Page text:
CAPodi Nona v. Urban Council. Horana (Ratmtte. PJ145
therein the business on the undertaking that Gunawathie wouldvacate it on being requested to do so. Podisingho had furtherstated that the stall had been given to Gunawathie about anyear prior to his making the complaint. Podisingho went onto state that he had requested Gunawajthie about two monthsearlier to vacate the stall by .01.01.1980, but that she had notdone so. Podisingho stated in his complaint that he had chargedno rent from Gunawathie. As a result of this complaint, thePolice had recorded a statement from Gunawathie which has beenproduced by the netitioner rr«>rKeg rt>. In P6 Gunawathie statesmat she took stall No. 10 from the petitioner and carried onbusiness therein. She paid to the Urban Council the rent and theelectricity bills in respect of stall No. 10 in the petitioner's name.
Though the petitioner denied that Gunawathie paid the rents,Gunawathie's statement in P6 is supported by the fact that thereceipts R1 to R10 were in her custody and handed over byher to the respondent as stated in paragraph 3 of the statementof objections.
Apart from Clause 4 of the lease bond. Clause VI of theCircular 3 also strictly prohibits sub-letting by a lessee of a stallin the market and states that if such a stall is sub-let the leasewill be cancelled. The petitioner has not explained why sheallowed Gunawathie to occupy the stall and carry on the businesseven though temporarily. I am of the view that there is substancein the submission of learned counsel for the respondent thatthere had been a clear violation of Clause 4 of the lease bondand Clause VI of the Circular B1.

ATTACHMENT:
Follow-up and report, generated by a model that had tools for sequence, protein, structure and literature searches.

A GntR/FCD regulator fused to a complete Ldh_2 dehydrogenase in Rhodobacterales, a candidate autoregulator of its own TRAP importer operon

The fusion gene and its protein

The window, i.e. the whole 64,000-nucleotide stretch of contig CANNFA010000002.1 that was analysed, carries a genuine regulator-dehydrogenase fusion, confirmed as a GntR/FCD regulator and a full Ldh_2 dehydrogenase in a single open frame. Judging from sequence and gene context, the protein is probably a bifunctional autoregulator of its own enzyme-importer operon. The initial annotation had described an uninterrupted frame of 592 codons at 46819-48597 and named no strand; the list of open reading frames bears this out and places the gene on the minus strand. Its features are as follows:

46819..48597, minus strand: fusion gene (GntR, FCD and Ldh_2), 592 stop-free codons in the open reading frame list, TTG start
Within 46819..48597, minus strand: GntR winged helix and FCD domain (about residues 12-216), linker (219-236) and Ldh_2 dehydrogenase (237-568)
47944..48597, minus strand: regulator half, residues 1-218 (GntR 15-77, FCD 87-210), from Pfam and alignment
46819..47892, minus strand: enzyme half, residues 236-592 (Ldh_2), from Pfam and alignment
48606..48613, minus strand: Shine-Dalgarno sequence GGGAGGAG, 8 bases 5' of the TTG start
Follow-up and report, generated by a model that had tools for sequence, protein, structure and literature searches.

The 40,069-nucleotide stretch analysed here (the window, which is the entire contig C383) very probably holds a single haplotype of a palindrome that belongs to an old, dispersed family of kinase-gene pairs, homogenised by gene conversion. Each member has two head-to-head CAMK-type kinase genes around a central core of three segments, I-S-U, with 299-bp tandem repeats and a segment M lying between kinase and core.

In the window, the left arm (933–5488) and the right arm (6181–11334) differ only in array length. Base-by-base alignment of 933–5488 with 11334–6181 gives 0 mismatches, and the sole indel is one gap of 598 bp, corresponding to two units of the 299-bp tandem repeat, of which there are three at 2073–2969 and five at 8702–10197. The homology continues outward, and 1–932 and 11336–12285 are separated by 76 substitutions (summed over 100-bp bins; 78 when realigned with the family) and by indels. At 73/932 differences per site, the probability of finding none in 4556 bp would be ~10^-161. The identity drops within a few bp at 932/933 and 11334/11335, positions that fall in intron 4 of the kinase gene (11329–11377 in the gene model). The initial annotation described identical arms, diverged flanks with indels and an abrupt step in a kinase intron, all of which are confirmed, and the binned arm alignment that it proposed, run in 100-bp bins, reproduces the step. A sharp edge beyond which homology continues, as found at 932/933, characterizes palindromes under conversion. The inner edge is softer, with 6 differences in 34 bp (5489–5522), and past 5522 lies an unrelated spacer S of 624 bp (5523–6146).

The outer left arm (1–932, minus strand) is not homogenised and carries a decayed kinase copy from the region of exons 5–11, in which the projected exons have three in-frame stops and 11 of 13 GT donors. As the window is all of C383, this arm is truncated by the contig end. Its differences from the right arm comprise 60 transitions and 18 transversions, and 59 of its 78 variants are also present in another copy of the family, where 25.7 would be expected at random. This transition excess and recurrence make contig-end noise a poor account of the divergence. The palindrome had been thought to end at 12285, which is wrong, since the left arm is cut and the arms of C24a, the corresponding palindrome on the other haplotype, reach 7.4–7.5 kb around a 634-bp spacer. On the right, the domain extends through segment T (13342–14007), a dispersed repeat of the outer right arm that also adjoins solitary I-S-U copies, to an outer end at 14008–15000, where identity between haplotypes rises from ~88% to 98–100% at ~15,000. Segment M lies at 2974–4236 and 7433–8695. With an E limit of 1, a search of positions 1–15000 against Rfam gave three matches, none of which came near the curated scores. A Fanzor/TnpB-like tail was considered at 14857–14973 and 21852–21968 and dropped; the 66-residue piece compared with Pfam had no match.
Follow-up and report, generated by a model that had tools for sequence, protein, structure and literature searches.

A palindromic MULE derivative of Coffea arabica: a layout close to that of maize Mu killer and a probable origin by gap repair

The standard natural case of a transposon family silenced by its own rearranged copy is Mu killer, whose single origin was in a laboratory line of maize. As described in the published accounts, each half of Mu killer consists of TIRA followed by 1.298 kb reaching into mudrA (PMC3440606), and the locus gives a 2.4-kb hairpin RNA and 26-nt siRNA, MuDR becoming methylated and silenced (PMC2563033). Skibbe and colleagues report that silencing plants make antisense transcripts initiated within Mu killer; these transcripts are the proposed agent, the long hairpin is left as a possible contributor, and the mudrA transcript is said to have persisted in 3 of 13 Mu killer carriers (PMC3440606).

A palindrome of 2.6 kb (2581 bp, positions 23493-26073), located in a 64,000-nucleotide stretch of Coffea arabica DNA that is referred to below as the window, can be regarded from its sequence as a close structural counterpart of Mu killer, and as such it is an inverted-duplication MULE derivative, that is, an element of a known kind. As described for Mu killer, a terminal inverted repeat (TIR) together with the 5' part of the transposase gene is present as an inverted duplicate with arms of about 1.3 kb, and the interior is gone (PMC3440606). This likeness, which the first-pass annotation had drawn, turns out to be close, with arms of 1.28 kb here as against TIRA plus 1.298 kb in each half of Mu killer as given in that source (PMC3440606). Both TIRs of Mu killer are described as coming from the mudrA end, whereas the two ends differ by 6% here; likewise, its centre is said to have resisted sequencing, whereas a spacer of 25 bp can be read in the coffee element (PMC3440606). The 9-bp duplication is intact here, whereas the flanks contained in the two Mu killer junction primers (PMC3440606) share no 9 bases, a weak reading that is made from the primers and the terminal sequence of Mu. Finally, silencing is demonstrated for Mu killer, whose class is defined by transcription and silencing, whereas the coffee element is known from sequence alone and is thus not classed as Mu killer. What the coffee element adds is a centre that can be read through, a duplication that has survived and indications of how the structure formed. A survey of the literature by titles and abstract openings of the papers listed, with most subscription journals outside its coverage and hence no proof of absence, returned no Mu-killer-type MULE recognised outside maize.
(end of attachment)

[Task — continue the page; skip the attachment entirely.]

In any event learned counsel for the respondent submittedthat the respondent was not exercising a quasi judicial functionand that there was no necessity to hear the petitioner beforethe respondent took the decision to cancel the lease bond. Hesubmitted that this was purely a contract between the parties.The respondent was the owner of the public market and wasentitled to lease out the stalls in the market by calling for tenders.If the petitioner felt that there was a breach of the contract,she had a remedy in the proper forum for breach of agreement.Counsel further relied on Clause 9 of the lease bond which statesthat the Chairman of the Urban Council has the right to terminatethe lease after giving 7 days notice if the lessee fails to fulfilthe conditions of the lease. I am of the view that the relationship
Sri Lanka Law Rtports
(1981) 2 S.L.R.
between the parties was contractual‘and accordingly that thepetitioner is not entitled to obtain, a writ of certiorari. Anotherremedy was open to her.
For these reasons I am of opinion that the petitioner has notrijade out a case for the relief asked for by her. The applicationdismissed with costs fixed at Rs. 210.
SENEVIRATNE. J.-l agree.Application dismissed.
PODI NONA v. URBAN COUNCIL, HORANA